Already Started? Maximize your Open Source Cloud Deployment
If you've already started an OpenStack or CloudStack project, there are a number of things to keep in mind for continued success. One of the big mistakes most organizations make is underestimating the benefits of open source projects—the code is free, but this is only a small piece of the value proposition. Many other aspects of open source software beyond just the code are open—the design, known issues, and development process are also transparent.
The designs of future features and the roadmap of the projects are also completely open for Cloudstack and OpenStack. This gives you visibility into the direction the project is headed, which can assist you in making long term plans with the software. It also gives you the ability to help define and shape the future of the project to fit your needs.
Being actively involved in open source communities also allows you to build relationships with your peers in other organizations who are solving the exact same problems as yourself. These relationships can be extremely helpful for sharing best practices, and sometimes for troubleshooting.
We have some additional simple recommendations for accessing the benefits of these open source cloud deployments:
- Stay up-to-date on changes and new releases. Due to the fast development on these projects, keeping up with changes and bug fixes can be more taxing than in the more established and slower-changing projects. For example, OpenStack has a time-based release process that releases a new version every six months. You may (and likely) have good reasons not to immediately upgrade to the newest version, but knowing what changes and updates have been added enables you to make a well-informed decision on what you should be working on. A wide variety of users will contribute back code to solve common problems, and falling behind on updates and information means you're much more likely to rely on internal workarounds, or you might be missing out on some new great features.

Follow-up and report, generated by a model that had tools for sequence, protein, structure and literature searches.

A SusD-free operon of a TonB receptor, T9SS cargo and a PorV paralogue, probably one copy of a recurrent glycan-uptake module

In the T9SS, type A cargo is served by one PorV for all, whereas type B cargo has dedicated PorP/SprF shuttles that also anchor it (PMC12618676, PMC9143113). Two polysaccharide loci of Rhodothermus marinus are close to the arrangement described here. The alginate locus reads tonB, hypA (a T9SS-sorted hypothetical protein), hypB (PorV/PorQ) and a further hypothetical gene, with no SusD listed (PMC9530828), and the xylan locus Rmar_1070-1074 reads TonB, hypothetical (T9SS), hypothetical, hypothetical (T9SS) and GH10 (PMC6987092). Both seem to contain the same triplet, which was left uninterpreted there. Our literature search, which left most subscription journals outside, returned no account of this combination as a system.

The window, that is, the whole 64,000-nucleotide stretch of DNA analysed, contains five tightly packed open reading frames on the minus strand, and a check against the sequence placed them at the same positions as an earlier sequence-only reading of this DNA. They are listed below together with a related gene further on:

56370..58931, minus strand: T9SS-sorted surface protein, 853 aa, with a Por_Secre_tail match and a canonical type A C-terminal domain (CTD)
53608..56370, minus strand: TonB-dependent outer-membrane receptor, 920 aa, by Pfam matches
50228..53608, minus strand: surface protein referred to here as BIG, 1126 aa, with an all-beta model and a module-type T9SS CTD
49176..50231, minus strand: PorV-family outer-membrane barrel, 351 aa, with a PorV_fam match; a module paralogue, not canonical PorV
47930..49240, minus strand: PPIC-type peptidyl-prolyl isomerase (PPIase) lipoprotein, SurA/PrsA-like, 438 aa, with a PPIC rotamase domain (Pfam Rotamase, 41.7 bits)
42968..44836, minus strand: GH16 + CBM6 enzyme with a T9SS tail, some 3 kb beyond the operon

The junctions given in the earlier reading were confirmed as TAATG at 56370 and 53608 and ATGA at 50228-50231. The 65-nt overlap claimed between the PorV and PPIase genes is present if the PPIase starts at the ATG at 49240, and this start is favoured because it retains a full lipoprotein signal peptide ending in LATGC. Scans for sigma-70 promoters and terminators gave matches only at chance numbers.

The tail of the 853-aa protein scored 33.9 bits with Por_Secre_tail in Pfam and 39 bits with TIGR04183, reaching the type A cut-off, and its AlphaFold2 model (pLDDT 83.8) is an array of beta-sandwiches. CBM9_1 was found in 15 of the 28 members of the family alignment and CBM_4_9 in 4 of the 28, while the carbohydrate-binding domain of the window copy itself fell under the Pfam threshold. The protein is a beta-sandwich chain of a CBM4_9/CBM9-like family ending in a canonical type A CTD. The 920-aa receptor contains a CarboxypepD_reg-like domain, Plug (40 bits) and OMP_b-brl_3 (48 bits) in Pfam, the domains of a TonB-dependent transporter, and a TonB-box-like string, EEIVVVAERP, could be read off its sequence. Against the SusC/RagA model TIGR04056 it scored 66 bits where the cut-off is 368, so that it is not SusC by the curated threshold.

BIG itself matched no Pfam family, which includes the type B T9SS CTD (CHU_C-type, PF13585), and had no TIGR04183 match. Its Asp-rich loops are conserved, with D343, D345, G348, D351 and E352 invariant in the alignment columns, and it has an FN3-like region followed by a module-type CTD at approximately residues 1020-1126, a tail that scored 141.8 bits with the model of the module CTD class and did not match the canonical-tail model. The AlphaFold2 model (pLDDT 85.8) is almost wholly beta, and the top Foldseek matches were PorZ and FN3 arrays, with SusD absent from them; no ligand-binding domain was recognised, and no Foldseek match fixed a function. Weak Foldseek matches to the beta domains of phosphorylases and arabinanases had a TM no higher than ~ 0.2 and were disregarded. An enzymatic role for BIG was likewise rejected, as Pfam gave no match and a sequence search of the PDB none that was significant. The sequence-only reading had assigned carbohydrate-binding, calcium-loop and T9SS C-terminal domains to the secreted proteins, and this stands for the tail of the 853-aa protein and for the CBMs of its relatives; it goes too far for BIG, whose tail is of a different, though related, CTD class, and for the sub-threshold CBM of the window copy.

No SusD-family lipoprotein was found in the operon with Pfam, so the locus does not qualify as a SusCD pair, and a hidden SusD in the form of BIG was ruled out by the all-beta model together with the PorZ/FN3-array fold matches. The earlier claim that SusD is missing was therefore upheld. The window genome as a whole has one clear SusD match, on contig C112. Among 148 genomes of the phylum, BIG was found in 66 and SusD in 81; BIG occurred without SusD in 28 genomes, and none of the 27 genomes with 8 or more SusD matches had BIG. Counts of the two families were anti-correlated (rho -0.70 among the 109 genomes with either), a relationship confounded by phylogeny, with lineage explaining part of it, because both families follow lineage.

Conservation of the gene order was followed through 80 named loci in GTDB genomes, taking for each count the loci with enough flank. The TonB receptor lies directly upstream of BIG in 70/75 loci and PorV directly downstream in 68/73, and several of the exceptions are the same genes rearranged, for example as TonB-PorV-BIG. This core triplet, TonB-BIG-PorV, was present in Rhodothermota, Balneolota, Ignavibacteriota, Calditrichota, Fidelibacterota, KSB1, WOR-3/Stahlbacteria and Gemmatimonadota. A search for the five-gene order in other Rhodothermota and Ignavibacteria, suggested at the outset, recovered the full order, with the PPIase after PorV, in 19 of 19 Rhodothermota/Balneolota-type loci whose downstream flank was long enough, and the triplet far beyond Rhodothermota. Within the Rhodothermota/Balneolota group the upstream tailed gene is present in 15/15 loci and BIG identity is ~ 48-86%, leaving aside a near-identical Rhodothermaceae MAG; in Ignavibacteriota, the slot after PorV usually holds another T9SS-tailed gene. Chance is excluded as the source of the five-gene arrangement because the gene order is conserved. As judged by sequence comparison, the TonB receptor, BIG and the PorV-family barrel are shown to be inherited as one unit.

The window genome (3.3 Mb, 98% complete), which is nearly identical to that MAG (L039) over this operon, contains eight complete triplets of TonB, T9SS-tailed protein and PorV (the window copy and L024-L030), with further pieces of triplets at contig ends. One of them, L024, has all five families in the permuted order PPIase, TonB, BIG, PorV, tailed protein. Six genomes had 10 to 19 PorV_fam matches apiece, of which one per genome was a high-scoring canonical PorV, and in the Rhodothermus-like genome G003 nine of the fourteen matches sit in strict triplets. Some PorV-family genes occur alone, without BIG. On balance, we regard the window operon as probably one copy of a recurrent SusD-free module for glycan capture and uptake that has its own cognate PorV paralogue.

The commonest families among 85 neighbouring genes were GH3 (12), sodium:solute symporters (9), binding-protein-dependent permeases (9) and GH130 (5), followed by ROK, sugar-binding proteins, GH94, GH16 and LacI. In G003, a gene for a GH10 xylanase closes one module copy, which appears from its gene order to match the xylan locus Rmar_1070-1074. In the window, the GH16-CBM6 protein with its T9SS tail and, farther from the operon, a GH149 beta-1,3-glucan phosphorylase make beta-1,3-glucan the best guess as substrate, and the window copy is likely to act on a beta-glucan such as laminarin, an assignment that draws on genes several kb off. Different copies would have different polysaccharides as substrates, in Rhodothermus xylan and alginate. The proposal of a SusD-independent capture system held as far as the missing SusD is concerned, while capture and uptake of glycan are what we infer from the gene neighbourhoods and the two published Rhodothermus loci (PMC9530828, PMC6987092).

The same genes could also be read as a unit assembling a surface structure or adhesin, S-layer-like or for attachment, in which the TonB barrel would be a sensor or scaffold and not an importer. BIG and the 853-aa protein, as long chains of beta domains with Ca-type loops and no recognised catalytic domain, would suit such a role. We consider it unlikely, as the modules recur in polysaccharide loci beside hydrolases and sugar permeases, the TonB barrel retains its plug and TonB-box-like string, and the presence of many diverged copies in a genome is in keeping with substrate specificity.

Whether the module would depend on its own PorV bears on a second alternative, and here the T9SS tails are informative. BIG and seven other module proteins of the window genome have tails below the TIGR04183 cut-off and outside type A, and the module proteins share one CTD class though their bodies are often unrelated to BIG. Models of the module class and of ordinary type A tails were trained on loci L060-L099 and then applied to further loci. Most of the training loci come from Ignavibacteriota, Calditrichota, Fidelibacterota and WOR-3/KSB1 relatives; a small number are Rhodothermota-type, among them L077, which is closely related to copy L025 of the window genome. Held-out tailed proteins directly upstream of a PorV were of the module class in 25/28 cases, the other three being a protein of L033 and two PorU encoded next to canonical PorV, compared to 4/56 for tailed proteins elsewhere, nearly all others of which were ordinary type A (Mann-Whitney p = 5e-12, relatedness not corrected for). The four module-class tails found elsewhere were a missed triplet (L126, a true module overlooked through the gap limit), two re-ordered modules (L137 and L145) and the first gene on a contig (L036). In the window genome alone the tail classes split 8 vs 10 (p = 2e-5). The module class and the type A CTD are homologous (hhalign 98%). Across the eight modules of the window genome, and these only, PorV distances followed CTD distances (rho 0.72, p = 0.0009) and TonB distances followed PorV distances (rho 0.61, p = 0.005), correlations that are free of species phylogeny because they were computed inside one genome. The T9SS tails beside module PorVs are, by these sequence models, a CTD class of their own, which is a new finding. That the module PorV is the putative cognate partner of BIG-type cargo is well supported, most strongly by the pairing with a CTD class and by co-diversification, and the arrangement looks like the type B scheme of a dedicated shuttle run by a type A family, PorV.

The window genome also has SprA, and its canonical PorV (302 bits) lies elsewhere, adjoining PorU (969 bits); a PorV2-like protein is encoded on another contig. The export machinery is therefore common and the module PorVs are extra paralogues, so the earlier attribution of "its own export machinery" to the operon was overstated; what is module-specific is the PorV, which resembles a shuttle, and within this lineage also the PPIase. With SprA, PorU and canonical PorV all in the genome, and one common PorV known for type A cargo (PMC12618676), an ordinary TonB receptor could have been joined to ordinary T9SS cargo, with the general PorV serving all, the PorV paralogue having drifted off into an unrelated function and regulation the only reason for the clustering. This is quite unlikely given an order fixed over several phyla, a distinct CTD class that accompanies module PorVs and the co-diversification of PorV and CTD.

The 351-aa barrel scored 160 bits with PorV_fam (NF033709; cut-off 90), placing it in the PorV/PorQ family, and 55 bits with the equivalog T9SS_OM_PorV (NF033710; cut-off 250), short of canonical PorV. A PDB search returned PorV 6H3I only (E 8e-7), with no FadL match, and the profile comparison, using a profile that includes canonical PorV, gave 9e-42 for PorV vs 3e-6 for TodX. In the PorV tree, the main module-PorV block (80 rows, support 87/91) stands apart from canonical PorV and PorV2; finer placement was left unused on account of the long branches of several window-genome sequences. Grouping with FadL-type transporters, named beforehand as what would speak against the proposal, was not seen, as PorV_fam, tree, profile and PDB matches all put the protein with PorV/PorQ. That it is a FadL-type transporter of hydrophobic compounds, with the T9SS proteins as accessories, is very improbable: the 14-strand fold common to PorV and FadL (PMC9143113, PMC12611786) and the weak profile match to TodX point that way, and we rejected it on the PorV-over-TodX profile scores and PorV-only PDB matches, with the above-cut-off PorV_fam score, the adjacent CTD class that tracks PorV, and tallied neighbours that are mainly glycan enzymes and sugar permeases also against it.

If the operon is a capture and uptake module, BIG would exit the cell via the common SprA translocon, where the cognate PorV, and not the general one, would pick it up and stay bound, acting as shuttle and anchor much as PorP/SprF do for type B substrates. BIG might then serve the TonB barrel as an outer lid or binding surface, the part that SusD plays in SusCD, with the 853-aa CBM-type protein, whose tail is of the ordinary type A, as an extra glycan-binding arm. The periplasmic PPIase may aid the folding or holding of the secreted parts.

- Become a contributing member of the community. We'd recommend contributing back anything that isn't a key business differentiator—even if you're building a product based on OpenStack or CloudStack. If everything is homegrown, then only your organization can support it. Your time is better spent focusing on building and supporting your key business differentiators, rather than supporting small unique changes you've made to improve your cloud deployment. A diverse set of contributors can significantly reduce your ongoing support burden for maintaining code.
Tools that Will Help You Build and Maintain
There are several key tools that you’ll need to have while you build and maintain OpenStack and CloudStack. Again, you'll want to make sure to stay consistent with your existing infrastructure tools to simplify the operational management of your IaaS environment.
The base operating system, hypervisor, and OpenStack software runs on bare metal and requires provisioning and configuration management from vendors such as Puppet Labs. A bare-metal solution that can provision out your OpenStack or CloudStack infrastructure increases the efficiency at which you can provision new compute resources into your cloud.
Configuration Management is important both for ensuring a consistent and reliable deployment, as well as managing the accelerated pace at which applications can be deployed into an IaaS layer. Puppet Labs has been involved in both the OpenStack and Cloudstack communities, providing automation tooling for building out the IaaS environments, as well as automating the provisioning of VMs into those environments.